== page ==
A former Army combat platoon leader in Vietnam, Bill Black, observes, “this lack of bonding moves the veteran into isolation and knowing that no one is touching his/her environment, they just stop listening.”
Lydia Brewer, who assists in managing a website, (LivingWithPTSDwives.yuku.com), for the wives of veterans for the past 11 years, indicates , “they know the problems they have right up front, because of the screening process and all the outreach programs.” She states, “that has a paradoxical component in that unlike you guys who had a healthy dose of repression and denial, but still maintained some hope for your future, these young soldiers are told upon mustering out that they are damaged goods which may well interfere with some natural hope for the future.”
“One who reaps the wind, sows the storm.” With upwards of 50,000 troops rotating to polite society in the next two years, we have yet to see the eye of the storm, in all its manifestations of adaptive behavior and all too frequent career ending self destructive habits.
Again Bill Black asserts, “the national discussion of employment, the economy and abortion relegate veteran suicides to a side show.” With fewer that 1% of the nation serving in the Armed Forces, the lowest since WWI this topic of suicide makes headlines and dies there for lack of resonation in the community.
These veterans are returning to a nation in angst and a house divided. A well trained soldier is skilled, not just in the art of warfare, but in the unseen talent of absorbing the dangers of their entire milieu, both physical and mental. It is a survival trait.
One may assert that the collective mental apparatus of one nation under God, has gone askew. Short of autocratic rule few see this pugilistic mindset that permeates the land coming into a state of equilibrium in the near future.
The soldier is but the new canary in the mine shaft–first to feel, first to manifest the symptoms of a democracy at risk. A sovereignty that has sold its soul to global and corporate interests, with us as the cops. A Republic yes, but a divisive populace that mimics the very fragmented nation states that they were fighting to stabilize.
In many respects the polarity experienced from the day they kiss American soil, mirrors the chaos of the enemies turf. Separating these worlds is a daunting task for any sentient being. We owe them more mature governing, and much more truth.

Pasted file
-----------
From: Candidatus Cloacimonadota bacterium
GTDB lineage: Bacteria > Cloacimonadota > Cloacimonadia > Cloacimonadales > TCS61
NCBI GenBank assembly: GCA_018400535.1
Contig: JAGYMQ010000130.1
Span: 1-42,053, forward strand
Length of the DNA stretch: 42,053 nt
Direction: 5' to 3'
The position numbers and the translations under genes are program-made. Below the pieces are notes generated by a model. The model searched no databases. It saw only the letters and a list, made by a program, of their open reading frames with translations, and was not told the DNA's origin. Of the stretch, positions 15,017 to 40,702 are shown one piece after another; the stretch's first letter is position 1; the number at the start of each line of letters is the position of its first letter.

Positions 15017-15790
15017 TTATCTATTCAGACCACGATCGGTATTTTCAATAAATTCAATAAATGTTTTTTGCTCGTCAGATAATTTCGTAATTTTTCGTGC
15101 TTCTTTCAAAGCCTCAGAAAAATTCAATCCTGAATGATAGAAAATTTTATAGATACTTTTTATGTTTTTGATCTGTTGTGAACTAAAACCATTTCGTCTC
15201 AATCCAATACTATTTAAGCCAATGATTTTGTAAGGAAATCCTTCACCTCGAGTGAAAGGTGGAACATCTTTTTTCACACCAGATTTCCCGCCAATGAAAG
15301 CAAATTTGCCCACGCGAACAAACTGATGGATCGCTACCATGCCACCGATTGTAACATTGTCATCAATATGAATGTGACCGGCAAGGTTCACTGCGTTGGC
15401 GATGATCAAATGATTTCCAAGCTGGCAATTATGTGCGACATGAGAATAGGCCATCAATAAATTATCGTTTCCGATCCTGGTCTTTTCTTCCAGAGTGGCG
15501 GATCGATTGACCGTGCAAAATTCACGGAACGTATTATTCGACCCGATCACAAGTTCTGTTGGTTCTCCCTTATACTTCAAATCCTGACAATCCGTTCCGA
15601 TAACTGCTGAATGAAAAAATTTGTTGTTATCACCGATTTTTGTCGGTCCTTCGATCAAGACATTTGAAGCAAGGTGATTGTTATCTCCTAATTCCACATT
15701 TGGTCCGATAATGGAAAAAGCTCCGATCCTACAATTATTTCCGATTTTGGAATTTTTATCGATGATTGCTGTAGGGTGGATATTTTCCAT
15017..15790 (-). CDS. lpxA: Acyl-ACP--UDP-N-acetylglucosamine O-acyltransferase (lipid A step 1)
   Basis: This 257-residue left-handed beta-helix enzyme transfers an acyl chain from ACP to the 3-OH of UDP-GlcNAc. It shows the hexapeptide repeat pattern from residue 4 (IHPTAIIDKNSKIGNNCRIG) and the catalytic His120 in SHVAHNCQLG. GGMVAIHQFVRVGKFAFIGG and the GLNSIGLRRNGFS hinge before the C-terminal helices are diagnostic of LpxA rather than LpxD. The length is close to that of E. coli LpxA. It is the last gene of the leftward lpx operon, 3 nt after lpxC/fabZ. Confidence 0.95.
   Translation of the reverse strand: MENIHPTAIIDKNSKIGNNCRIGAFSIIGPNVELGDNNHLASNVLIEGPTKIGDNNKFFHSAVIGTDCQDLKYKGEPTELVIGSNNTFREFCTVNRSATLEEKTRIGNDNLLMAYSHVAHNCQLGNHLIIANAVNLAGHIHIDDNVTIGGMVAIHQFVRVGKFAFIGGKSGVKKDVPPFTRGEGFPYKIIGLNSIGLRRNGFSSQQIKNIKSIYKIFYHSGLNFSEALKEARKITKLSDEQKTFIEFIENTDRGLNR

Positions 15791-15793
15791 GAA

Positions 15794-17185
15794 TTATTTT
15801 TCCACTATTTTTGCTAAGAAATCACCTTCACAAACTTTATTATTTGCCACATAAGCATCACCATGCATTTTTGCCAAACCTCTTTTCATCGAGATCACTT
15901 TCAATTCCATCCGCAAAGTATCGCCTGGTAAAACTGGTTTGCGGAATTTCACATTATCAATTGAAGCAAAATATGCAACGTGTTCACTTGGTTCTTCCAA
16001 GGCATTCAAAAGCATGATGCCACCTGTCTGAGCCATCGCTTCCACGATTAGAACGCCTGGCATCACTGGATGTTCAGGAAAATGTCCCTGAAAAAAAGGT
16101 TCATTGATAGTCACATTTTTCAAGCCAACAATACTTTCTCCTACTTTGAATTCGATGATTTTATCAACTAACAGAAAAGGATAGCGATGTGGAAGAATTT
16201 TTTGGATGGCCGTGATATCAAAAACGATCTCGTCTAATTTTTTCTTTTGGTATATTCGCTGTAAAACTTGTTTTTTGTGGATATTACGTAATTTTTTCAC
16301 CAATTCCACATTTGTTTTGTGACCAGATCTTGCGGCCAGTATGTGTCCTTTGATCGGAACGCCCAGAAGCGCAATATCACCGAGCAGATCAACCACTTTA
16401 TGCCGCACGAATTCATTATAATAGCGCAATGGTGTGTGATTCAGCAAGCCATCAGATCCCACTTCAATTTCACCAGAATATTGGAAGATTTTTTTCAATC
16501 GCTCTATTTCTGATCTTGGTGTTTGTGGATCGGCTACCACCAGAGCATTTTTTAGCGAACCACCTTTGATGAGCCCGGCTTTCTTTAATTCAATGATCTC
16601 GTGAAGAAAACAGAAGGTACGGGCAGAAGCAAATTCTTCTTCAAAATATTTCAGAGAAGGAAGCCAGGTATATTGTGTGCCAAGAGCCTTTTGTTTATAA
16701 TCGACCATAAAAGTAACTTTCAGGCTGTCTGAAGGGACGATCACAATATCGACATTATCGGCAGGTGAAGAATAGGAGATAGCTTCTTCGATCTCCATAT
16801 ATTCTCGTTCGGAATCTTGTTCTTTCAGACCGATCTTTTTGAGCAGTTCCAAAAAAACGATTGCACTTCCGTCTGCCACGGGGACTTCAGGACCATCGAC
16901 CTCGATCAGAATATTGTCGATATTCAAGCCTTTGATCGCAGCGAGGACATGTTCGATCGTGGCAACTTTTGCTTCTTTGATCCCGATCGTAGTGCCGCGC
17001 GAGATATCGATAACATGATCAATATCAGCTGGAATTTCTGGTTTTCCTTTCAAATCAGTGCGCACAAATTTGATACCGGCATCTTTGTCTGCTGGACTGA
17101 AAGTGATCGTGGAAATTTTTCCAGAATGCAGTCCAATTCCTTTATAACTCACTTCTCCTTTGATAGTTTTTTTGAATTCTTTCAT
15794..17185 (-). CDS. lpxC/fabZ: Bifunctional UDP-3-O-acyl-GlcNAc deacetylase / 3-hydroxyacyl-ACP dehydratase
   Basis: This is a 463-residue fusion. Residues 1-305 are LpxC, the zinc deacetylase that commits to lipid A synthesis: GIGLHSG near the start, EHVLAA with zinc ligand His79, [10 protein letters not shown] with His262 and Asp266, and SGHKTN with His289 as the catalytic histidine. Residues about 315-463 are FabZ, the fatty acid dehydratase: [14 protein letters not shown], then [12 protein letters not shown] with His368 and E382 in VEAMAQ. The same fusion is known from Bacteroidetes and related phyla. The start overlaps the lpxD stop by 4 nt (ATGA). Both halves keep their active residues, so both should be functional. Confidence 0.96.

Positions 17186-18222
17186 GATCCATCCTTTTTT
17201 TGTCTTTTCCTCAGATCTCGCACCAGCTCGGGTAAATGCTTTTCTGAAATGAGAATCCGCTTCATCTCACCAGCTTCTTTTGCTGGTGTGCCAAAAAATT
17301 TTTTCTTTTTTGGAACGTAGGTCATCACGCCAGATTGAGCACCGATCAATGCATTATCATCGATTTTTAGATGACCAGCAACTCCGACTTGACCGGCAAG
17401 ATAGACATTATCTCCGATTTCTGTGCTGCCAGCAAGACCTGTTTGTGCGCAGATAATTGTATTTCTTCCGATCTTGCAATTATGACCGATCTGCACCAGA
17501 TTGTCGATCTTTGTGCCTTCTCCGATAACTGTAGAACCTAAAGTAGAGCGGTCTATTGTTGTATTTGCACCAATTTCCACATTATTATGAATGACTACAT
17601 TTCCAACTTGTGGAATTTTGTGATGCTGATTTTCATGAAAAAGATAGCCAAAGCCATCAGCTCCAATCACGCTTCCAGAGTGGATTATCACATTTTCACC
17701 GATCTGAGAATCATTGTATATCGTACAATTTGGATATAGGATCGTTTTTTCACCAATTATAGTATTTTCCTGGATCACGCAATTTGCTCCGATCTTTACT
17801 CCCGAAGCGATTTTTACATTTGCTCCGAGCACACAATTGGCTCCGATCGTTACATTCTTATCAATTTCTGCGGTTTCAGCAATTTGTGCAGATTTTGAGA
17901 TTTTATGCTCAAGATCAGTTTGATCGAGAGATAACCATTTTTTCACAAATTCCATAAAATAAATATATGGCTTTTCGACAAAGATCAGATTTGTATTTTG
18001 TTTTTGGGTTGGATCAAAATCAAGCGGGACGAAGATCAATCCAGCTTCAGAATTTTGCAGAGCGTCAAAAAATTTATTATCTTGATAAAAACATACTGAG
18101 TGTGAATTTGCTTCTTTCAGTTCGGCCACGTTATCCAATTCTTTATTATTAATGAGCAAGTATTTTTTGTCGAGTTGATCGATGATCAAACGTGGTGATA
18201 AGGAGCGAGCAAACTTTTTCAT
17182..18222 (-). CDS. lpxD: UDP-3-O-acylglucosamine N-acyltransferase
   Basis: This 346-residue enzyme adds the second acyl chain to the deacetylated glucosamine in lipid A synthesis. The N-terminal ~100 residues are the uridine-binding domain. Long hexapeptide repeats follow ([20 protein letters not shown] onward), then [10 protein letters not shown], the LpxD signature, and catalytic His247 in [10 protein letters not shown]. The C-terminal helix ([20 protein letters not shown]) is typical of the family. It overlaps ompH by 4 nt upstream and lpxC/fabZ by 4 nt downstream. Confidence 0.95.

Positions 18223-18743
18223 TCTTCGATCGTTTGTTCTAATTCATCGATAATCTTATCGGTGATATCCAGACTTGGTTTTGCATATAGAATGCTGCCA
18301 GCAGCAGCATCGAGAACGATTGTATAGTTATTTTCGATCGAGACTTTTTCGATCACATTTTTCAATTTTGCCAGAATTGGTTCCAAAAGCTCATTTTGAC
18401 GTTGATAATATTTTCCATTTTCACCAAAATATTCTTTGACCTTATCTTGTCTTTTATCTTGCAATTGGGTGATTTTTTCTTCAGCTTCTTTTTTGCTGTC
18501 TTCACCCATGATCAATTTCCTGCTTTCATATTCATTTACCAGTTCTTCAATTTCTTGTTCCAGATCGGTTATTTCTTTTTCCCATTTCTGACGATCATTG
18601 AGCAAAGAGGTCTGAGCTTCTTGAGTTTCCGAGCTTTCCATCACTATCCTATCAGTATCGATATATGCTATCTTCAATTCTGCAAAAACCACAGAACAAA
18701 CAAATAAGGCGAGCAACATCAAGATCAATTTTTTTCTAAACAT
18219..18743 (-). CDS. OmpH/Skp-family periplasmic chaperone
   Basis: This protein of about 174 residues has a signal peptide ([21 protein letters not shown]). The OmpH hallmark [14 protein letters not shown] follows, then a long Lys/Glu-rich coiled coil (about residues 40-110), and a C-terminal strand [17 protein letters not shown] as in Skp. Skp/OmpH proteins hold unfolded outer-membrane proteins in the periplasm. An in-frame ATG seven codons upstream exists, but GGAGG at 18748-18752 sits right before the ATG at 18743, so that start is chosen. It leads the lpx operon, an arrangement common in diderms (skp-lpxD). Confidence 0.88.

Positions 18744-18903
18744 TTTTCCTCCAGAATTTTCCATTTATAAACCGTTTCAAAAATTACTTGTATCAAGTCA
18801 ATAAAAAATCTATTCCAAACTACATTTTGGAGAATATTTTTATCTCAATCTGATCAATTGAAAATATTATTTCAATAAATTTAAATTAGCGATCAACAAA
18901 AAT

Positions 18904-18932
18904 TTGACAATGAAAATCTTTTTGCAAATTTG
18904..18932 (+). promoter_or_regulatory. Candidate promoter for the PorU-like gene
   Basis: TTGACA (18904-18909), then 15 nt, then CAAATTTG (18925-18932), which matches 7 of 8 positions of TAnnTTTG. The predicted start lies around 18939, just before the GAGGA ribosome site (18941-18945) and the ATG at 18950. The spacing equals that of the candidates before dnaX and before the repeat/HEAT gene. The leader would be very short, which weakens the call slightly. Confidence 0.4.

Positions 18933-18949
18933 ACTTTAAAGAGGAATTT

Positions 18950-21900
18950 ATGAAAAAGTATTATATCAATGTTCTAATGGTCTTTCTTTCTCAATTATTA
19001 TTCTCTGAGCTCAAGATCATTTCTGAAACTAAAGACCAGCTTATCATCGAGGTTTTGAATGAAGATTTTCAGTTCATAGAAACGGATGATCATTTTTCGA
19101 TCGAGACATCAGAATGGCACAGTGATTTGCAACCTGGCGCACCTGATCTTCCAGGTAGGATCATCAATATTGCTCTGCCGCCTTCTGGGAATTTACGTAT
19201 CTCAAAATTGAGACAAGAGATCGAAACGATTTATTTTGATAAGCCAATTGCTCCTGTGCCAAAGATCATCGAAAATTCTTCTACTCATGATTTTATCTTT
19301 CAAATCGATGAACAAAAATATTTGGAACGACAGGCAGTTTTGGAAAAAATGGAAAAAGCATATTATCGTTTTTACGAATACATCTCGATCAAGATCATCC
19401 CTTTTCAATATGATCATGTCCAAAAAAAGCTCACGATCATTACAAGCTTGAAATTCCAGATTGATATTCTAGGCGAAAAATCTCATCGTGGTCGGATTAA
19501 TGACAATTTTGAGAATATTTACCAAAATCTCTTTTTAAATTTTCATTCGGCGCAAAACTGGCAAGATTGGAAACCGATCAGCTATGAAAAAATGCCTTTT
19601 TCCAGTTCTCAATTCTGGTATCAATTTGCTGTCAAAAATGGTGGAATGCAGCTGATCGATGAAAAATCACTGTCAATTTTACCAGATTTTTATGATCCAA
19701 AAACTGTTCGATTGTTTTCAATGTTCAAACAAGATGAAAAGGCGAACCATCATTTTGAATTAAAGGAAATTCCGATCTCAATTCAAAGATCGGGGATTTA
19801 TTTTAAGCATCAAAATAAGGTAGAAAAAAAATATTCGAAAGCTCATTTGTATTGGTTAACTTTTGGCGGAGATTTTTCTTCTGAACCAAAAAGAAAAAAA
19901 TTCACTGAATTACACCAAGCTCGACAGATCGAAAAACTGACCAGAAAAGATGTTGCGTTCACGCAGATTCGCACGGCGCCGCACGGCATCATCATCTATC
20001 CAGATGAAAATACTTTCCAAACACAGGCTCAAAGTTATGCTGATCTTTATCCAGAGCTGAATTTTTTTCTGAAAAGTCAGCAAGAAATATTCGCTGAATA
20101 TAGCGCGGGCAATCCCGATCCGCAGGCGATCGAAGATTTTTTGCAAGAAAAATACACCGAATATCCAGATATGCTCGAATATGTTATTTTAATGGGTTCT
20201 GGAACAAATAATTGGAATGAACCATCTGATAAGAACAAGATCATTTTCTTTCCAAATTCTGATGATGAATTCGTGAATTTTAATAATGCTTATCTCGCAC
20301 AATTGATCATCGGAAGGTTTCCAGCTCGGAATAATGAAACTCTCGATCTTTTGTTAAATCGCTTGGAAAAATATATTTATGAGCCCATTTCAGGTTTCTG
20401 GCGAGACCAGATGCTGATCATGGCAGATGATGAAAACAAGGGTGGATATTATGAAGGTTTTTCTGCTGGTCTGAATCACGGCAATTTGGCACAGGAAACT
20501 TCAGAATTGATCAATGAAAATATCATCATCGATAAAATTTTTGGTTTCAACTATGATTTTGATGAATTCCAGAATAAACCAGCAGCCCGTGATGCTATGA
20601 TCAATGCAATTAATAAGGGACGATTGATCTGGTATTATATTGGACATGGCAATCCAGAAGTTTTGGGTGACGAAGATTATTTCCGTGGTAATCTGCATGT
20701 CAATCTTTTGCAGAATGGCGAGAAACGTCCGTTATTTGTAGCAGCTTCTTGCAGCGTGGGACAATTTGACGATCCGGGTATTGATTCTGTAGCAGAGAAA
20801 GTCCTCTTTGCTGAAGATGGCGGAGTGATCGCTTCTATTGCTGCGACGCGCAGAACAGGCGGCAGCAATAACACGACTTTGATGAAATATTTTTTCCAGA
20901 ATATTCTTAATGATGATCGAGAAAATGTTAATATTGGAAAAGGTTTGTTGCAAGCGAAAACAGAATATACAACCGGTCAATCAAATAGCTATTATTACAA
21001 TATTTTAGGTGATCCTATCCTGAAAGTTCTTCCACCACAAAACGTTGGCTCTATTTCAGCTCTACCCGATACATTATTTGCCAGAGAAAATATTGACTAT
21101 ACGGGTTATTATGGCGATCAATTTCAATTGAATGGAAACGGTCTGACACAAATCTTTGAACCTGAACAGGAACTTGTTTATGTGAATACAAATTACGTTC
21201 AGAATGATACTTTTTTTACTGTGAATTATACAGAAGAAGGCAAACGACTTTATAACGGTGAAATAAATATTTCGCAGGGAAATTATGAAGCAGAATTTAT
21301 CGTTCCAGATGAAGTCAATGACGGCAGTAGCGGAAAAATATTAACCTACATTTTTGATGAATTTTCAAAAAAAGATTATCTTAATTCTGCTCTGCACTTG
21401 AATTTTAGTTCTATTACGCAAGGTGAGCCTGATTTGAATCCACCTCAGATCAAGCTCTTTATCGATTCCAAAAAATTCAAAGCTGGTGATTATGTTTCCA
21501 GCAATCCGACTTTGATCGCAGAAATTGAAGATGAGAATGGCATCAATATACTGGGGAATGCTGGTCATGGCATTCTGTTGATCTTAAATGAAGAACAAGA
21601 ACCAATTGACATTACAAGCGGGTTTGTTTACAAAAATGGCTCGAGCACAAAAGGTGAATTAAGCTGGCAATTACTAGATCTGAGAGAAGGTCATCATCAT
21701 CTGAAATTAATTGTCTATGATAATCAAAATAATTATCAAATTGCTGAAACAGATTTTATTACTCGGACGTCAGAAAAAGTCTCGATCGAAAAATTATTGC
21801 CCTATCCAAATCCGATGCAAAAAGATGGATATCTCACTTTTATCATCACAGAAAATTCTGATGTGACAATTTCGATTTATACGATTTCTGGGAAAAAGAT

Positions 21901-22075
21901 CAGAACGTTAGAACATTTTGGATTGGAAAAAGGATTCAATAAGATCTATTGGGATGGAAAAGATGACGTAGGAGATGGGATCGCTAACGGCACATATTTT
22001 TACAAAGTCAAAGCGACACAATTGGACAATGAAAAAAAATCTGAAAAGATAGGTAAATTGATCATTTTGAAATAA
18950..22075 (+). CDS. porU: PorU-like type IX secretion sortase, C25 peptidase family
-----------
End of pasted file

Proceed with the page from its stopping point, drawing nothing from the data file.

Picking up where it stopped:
Electing to serve your nation in the Armed Forces is not just a job, it is the adoption of an identity, a replacement of the self for a mission that embodies the assumed unified cause of your mother country. That unified mission, upon return to civilian or state side duty is vacant in our nations leaders. We are subsumed with greed and self serving motives, leaving the submerged identity of the sailor, soldier, Marine with few causes to adopt. So they isolate in an uncanny way just like the veterans of Vietnam.
They begin their daily lives to the cacophony of waring political parties and their assigns, knowing full well that this drama of fools and court jesters is playing to an Al Jezzera audience every day and assisting in the recruiting of more insurgents. We owe them more maturity.
The transitioning veteran is queried incessantly by the red and blue state mavens, many wanting to use them for political gain. They isolate.
“We have met the enemy and the enemy is us.” Military suicides beg for a national debate, the nature of which a repressed populace in disconnect about the nature of war is ill prepared. I suggest we prepare before entering the next war, or we will have a social fabric so frayed that it will take decades to heal.
It is this writers belief that the death instinct is a primary inherent form of aggression that we are born with…a desire to unbind all connections and return to a null peaceful state where one can begin anew. The multiple tour veteran has little opportunity to renew–ergo, the internalized aggression. Ironically the canary is mirroring our nations aggression turned inward.
Why is this not worthy of a national debate?
“Boys with a normal viewpoint were taken from the fields and offices and factories and classrooms and put into the ranks. They were remolded; and they were made over; they were made to ‘about face’, to regard murder as the order of the day. They were put shoulder to shoulder, and through mass psychology and they were entirely changed. We used them for a couple of years and trained them to think nothing at all of killing or of being killed. Then suddenly we discharged them and told them to make another ‘about face. This time they had to do their own readjusting without mass psychology, without officers aid and advice, without nation wide propaganda. We didn’t need them any more so we scattered them without speeches or parades. Many, too many of these fine young boys are eventually destroyed, mentally, because they would not make that final, ‘about face’ alone.” This was written by Smedley D. Butler, Major General United States Marine Corps. Two -time Congressional Medal of Honor recipient. He was referencing soldiers in World War l ! The, “war to end all wars.”